The launch of the new iPhone 14 has not gone well. Apple has confirmed that there are problems with its iMessage and FaceTime services, as well as issues with migrating data. Users have also complained about poor battery life and the camera shaking when using social media apps. Just days after its release, Apple issued an update to its operating software to addresses the data migration problems, but it is not clear whether this will address the other bugs in the system. This barrage of complaints comes after Eve Jobs, daughter of the late founder Steve Jobs, joked online about how few new features this latest model had. Is Apple, once the darling of the tech world, losing a little bit of its shine?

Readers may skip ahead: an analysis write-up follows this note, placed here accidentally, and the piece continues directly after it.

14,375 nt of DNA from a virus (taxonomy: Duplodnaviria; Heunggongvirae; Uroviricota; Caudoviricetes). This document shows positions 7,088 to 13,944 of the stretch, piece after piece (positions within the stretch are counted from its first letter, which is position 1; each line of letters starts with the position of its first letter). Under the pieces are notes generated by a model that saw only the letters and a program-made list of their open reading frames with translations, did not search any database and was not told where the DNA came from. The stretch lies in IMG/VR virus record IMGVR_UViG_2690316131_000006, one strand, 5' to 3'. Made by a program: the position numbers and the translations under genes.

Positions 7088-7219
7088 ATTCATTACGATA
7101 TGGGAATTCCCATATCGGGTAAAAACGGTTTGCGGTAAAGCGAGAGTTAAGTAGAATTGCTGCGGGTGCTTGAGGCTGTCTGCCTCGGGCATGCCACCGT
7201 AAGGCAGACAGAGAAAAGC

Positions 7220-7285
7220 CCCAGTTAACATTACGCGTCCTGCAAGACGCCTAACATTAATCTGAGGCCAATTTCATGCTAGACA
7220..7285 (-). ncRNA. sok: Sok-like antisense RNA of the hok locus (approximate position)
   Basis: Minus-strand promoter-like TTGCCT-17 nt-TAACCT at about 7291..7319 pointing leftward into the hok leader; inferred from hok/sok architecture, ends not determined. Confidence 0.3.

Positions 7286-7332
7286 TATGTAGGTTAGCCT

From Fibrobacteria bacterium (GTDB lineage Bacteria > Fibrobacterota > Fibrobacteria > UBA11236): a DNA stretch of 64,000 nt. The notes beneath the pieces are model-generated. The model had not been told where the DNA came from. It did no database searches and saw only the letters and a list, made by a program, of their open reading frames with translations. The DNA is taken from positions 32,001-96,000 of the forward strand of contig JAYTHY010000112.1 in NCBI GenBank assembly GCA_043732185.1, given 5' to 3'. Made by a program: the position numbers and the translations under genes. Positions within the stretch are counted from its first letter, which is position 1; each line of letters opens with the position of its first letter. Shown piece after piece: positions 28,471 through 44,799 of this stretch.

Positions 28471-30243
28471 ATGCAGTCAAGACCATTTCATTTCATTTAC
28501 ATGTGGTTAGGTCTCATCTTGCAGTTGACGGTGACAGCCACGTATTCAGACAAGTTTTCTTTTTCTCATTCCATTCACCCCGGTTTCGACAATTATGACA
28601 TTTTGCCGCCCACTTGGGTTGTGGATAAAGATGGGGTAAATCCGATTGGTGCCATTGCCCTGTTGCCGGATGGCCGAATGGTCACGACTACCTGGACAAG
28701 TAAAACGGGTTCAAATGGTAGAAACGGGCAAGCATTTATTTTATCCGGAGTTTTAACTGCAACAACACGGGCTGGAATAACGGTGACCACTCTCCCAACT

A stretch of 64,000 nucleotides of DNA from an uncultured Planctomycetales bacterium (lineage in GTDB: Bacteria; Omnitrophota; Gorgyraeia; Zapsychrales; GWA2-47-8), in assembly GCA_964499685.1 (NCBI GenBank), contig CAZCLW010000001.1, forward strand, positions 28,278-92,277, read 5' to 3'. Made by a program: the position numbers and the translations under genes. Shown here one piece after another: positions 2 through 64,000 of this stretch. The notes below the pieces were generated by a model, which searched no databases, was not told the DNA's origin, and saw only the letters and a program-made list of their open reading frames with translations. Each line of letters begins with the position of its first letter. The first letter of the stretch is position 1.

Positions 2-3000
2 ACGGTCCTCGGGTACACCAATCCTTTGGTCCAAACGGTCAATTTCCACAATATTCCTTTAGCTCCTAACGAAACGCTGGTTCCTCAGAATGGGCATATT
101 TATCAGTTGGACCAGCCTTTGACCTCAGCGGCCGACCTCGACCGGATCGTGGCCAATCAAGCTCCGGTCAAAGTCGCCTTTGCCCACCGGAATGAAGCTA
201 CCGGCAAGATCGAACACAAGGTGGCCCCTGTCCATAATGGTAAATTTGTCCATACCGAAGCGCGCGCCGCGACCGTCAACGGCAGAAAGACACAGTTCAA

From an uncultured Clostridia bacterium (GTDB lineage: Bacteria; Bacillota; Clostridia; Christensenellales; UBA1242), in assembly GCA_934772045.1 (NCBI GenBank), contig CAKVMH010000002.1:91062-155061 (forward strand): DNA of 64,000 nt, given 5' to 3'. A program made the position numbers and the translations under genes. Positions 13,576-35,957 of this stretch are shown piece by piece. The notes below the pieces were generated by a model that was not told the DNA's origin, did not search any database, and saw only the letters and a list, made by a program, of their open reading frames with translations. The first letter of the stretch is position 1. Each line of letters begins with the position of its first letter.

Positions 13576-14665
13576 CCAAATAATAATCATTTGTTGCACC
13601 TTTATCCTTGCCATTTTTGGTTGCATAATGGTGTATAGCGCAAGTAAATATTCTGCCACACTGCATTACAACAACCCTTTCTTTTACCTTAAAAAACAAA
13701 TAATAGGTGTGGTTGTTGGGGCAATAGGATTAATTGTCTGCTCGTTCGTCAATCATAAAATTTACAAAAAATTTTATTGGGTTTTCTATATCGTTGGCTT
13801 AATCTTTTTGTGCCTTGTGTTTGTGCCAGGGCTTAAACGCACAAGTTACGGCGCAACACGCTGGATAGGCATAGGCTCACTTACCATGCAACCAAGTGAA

Four-Day Weeks, Every Week

Good news if you’ve enjoyed fewer days in the office (or on the laptop) this week. Trials into a four-day working week have proved overwhelmingly successful, with 86% of companies taking part planning to extend this beyond the six-month testing period. This trial has included a variety of businesses, from a fish-and chip shop to larger companies in retail, technology and construction. A survey at the halfway stage found 88% of businesses said fewer hours on the same pay, was ‘working well’ with productivity and staff morale up.

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About Author

Emma Simon

Emma Simon  is a financial journalist, specialising in investment and consumer issues, writing for